Refuting Chief Justice of India T S Thakur’s charge that the government sat over recommendations and created an unacceptable “logjam in high court judges’ appointments”, the Centre has put the blame on the high courts.
The Union government told the Supreme Court on Wednesday that the large number of judicial vacancies was the result of the high courts’ failure to initiate the selection process on time.
The Centre said that there was no logjam in the process for appointment of judges and, in the next two weeks, more names recommended by the CJI-headed SC collegium would be cleared for various HCs. The SC will examine the progress on September 30.
At present, 45 per cent of the sanctioned judicial posts in HCs are vacant. This had led a CJI-headed bench to warn attorney general Mukul Rohatgi on August 12, “Work on framing of memorandum of procedure for appointment of judges cannot be allowed to hijack the appointment of judges to HCs. There are 478 vacancies in HCs…HCs have four million cases pending. The entire system has collapsed.”
On Wednesday, he submitted documents in sealed cover on judges’ appointments to the CJI-headed bench. Abandoning his usual belligerence, Rohatgi told the bench, “There is no logjam. The documents will prove it. Please go through them carefully. There are instances where a high court has initiated process to recommend names for filling a vacancy which had arisen as far back as 2007.”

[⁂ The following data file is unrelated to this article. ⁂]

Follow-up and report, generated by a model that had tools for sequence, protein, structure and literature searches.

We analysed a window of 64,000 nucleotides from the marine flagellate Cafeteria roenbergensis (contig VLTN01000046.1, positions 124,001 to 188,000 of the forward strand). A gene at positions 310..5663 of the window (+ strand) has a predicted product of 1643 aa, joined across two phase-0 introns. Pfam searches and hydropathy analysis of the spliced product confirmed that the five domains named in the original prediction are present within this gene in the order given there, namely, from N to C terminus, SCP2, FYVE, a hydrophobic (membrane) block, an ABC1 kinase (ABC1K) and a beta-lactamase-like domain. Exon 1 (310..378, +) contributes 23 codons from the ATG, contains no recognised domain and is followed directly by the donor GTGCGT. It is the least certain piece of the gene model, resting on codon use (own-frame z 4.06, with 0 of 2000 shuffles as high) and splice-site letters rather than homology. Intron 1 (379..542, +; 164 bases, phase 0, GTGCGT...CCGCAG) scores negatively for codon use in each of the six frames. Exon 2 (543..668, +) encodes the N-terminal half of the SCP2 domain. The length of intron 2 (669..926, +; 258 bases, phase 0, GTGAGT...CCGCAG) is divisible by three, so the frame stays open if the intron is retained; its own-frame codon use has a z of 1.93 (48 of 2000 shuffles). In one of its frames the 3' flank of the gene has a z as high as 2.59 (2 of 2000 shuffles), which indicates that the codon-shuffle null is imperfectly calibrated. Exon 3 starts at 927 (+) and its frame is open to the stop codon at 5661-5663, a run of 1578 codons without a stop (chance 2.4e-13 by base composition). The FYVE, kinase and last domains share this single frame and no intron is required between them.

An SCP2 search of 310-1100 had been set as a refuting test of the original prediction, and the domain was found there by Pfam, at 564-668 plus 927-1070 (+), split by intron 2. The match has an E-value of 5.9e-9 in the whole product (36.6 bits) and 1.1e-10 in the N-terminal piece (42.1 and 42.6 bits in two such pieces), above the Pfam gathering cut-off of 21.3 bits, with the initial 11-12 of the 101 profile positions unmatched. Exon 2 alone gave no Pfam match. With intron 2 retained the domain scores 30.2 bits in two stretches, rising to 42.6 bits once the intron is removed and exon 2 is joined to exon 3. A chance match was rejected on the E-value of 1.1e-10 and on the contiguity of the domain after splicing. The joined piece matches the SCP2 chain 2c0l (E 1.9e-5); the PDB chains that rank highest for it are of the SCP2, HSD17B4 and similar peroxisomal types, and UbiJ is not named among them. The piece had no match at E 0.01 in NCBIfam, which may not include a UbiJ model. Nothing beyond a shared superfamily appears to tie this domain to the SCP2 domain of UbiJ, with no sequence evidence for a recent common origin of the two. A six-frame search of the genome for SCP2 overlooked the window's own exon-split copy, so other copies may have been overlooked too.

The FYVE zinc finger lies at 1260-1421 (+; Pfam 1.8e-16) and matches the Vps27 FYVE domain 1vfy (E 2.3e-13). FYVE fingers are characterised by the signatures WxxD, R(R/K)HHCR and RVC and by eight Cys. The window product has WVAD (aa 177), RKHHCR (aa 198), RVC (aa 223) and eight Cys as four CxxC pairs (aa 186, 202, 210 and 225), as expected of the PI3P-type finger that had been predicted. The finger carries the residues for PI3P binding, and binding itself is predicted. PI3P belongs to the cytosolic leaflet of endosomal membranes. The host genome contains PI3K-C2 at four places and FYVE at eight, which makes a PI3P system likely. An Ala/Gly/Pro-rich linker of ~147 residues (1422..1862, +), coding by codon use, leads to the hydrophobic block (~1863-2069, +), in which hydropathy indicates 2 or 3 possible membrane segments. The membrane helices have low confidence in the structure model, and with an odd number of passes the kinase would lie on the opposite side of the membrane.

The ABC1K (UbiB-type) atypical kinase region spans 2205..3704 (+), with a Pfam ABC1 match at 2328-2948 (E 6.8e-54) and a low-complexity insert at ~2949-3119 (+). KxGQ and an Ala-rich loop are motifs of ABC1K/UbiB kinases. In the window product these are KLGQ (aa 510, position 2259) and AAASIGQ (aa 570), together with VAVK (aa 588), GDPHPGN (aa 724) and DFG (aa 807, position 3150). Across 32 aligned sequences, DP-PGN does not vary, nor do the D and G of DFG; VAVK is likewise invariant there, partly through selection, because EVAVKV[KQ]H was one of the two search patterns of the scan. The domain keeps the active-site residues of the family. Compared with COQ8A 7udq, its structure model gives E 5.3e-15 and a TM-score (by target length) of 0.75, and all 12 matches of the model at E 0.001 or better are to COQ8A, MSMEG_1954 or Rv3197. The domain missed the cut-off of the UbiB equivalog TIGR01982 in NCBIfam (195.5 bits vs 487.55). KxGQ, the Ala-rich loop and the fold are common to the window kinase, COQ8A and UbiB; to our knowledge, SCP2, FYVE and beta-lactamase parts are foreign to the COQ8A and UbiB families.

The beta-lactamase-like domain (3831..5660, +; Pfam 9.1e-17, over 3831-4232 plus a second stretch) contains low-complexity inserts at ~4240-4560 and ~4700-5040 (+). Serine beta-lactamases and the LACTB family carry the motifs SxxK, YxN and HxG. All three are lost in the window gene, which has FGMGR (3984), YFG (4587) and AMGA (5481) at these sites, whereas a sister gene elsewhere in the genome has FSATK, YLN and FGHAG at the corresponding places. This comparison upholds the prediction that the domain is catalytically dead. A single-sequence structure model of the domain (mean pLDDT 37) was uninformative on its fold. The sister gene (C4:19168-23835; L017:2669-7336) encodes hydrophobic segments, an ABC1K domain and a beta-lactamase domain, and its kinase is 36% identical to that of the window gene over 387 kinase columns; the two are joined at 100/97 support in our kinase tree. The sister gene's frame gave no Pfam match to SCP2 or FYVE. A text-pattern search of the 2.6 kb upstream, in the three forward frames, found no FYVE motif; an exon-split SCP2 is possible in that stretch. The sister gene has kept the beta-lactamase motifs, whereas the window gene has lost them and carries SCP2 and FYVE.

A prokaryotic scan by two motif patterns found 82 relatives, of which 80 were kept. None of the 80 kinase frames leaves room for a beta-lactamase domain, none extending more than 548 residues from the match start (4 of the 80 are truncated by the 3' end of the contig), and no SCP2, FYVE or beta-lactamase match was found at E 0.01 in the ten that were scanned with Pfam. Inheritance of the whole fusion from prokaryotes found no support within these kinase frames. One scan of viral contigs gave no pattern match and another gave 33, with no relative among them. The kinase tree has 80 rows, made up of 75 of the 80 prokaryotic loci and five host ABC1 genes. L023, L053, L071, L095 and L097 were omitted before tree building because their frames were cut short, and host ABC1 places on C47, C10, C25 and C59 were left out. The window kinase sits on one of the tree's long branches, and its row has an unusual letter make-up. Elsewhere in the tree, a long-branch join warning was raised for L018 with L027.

The SC’s Constitution benches, while wresting from the executive the power to select judges for the higher judiciary through two judgments in the 1990s, had said that the HCs should ideally initiate the process to fill up a vacancy six months before it arose.
In this backdrop, the AG said, “Appointment of judges to the HCs is like a race. If you start in time, you reach in time. By and large, the HCs have pretty much delayed in commencing the process to fill the vacancies. There are instances where the process was commenced five to six years after the post fell vacant.”
The bench headed by the CJI said, “We appreciate that the delay was caused because of the hearing on the validity of National Judicial Appointments Commission (which went on for months, completely stalling the appointment process). But if a name is recommended by the collegium after such an arduous process, there should be no delay on the part of the government.”
The AG said the documents submitted explained the reasons which caused the present situation. “Rest assured, there will be no delay in processing the collegium’s recommendations,” he said.
On August 12, the SC had given a chronological list of proposals sent by the collegium recommending 74 names for appointment and said, “Nothing is moving on appointment of judges to HCs for the last eight months. It is becoming increasingly difficult. We cannot ignore it any more.”
Responding to that, the AG said, “Most of the recommendations have been cleared. More names will be cleared in the coming two weeks.”
The CJI said he had recently been to Chhattisgarh HC, which had eight judges against a sanctioned strength of 21. The AG said only three names were recommended by the collegium, which were cleared.